Activists from around the country to reflect on what FMLA means in their states, how states are taking action to improve it and where we still need to do work as part of our FMLA Birthday Blog Carnival!
“For me, providing paid sick days is about public health. It’s also smart business to maintain high employee morale and retention. But, most fundamentally, it’s about treating people how you would want to be treated.”
Makini Howell, Owner of Plum Bistro in Seattle, WA
“The benefits for working families provided by Family Leave Insurance go beyond financial security. Having the time to bond with a new baby or care for a sick loved one is priceless and thankfully no longer a luxury for New Jersey families. Paid family leave creates the opportunities that all families deserve.”
Heather Howard, Former Commissioner of Health and Senior Services, NJ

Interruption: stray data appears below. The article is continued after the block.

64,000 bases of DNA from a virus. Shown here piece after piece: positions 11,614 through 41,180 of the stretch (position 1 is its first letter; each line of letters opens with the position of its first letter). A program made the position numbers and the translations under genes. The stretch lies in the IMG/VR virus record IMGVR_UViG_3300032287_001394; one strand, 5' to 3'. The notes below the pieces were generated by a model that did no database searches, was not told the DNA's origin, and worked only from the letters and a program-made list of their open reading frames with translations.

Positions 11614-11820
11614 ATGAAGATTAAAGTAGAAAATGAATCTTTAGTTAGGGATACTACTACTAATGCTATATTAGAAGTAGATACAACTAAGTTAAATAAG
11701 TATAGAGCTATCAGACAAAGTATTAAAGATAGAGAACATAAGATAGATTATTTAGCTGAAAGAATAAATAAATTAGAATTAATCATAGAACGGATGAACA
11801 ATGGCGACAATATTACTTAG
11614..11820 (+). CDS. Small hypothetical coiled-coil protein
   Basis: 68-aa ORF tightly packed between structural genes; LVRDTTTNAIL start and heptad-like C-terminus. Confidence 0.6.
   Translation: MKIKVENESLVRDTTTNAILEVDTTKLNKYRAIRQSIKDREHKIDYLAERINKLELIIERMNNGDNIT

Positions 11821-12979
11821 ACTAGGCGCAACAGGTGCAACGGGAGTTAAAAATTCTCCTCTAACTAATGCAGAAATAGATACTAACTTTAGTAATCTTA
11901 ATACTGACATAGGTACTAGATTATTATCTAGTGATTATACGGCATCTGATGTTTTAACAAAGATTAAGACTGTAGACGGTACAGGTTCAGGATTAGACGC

“The U.S. Women’s Chamber of Commerce strongly and enthusiastically endorses the earned sick time legislation because it supports small businesses, benefits workers and encourages an equitable workplace for women. Without earned sick days, many women face the impossible choice of sending a sick child to school or coming to work sick for fear of losing income or their job.”
Margot Dorfman CEO of the U.S. Women’s Chamber of Commerce
“As a civilized society we have the ability to place public good over individual cost. That’s why we have a minimum wage, child labor laws, and workplace safety standards. Good public health is good business. And that’s why we should have the Paid Sick Time Act.”
Marjorie J. Hill, CEO of Gay Men’s Health Crisis, NY
“Labor is committed to winning minimum protections for all workers, so that no one has to risk their job to care for a loved one.”
John Fleck, President of Denver Area Labor Federation, CO
“Paid sick days is a policy that helps working families and our economy. Connecticut is proud to be the first state to make sure working families don’t have to choose between their health and their job.”
Representative Chris Donovan, Speaker of the House, CT
In my own personal experience, I have seen more than one patient come to me with disease that has progressed to a point almost of no return. Many . . . have expressed a desire to come to a doctor or hospital, but . . . fear that they will lose their jobs [if they take time off].